This is indeed a happy night for me and for my constituent, Mr. David Crane, and I thank the Parliamentary Secretary and my hon. Friend the Member for Bermondsey (Mr. Mellish) for the kind references which they have made to me. Thanks are, however, due to a whole complex of people, because this has been a joint operation by the people of Blackburn, the national Press and Members of this House in going to a lot of trouble to rectify an injustice which, although it may affect only a small number of people, is none the less real for those whom it affects.
1 think of all the people in Blackburn who rallied round David Crane, including the 4,000 ordinary men and women in the street who signed the petition on his behalf, and the Blackburn Methodist Mission, who sent in a testimonial of support for him. I received letters from individuals, and the matter was taken up by the Press. Tribute must be paid to the way in which the Press brought this anomaly even more vividly into the light of day and so compelled us to find a way of dealing with it.
I pay tribute, also, to David Crane's employers, Palatine Dairies, who have kept him on their payroll all this time although the poor lad has never been allowed to put his hand again to his float, because he could read a number plate, not at 25 yards, but at 21 yards.
I understand that these Regulations are experimental, but I can assure the Minister that David Crane and his milk float will he no threat to road safety at all. Indeed, one of the people who gave him a testimonial of support was the Chief Constable of Blackburn, whose traffic policemen had watched David circulating round the town and testified to his great carefulness and road sense.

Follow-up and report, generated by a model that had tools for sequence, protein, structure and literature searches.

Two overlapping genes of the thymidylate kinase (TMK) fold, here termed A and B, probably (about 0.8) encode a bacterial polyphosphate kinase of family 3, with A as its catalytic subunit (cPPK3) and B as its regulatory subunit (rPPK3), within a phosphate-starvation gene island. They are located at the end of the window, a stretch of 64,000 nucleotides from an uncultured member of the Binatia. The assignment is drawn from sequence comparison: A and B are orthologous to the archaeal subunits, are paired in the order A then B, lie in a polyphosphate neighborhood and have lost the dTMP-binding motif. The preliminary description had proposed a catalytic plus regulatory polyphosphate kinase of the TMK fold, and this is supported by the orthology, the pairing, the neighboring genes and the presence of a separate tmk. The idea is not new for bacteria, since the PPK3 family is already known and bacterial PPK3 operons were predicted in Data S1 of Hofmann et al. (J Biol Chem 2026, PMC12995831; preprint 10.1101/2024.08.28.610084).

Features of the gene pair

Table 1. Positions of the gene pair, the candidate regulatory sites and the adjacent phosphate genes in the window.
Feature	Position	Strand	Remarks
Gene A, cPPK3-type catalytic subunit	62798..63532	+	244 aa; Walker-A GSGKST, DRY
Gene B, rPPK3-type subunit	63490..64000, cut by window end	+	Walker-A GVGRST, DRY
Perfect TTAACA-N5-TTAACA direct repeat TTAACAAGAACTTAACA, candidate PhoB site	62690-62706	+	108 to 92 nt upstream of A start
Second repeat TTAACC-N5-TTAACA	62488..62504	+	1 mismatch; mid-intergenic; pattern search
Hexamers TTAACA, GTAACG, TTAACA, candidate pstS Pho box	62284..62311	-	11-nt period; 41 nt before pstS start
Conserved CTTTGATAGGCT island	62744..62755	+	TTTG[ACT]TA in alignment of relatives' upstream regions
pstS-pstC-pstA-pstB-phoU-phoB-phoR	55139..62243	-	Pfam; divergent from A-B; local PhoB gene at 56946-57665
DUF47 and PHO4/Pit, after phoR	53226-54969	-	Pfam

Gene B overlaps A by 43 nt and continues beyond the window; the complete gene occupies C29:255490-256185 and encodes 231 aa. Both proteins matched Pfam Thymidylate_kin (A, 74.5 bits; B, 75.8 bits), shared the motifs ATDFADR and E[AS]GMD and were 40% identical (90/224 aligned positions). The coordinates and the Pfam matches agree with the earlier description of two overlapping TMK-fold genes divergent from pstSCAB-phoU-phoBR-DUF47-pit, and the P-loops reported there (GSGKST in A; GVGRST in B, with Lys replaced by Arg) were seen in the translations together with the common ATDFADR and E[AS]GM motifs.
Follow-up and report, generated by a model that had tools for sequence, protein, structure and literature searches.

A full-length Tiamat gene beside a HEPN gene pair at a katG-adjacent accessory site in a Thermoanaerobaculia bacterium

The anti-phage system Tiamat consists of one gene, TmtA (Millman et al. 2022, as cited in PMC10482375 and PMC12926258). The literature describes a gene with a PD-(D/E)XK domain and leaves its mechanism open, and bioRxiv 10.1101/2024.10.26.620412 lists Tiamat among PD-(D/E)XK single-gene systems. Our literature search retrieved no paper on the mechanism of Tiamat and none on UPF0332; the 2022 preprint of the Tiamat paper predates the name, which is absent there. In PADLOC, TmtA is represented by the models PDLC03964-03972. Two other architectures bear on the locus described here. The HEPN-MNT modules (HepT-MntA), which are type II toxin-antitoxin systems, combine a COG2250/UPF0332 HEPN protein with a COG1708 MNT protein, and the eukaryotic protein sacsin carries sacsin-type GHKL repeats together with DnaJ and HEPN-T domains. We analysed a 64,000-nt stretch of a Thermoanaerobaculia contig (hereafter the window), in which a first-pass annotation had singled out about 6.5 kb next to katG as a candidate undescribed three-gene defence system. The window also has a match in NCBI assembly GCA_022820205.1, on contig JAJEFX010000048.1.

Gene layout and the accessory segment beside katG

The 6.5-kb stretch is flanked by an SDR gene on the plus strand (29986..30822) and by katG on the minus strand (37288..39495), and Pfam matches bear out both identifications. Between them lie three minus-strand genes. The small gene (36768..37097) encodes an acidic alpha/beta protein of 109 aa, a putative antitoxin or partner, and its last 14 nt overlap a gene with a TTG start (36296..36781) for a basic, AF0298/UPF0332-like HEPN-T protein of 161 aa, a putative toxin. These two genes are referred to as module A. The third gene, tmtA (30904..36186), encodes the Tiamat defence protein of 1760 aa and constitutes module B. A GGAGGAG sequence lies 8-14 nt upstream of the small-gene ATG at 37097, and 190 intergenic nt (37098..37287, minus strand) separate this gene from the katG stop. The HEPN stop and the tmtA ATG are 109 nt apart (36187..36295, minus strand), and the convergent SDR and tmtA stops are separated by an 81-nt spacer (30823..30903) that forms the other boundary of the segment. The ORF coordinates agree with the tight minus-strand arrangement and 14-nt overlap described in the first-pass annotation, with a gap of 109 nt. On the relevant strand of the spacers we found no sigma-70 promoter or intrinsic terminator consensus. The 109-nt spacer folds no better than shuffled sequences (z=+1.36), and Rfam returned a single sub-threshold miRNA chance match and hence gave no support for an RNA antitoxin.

This is the end of a very protracted battle of eleven months, but better late than never. I appreciate that some of the delay was due to the fact that the hon Gentleman's predecessor fell ill. I join my hon. Friend the Member for Bermondsey (Mr. Mellish) in welcoming the new Parliamentary Secretary and wishing him well.
I would conclude by saying to the hon. Gentleman that he has made a very good start tonight, and I hope that he will continue on the same good course and always give me what I ask for when I raise these matters; and will he please ensure that next time it does not take quite so long? As the hon.
Gentleman is well aware, I already have another little proposal that I want to introduce to amend another anomaly, one affecting Mr. Parkinson, of Blackburn, a war disabled man who is being forced to pay an absurd and excessive fee for his driving test for his invalid carriage. The Minister has looked at the—
I was just concluding, Mr. Deputy-Speaker. The Minister already has this matter under way, and I hope that the experience that we have had tonight is an augury of good things to come in other cases which I shall bring to his attention.
Finally, I would ask that the remaining stages of Parliamentary approval of these Regulations in another place shall be hurried through as quickly as possible so that David Crane can get on to his milk round again without any more delay.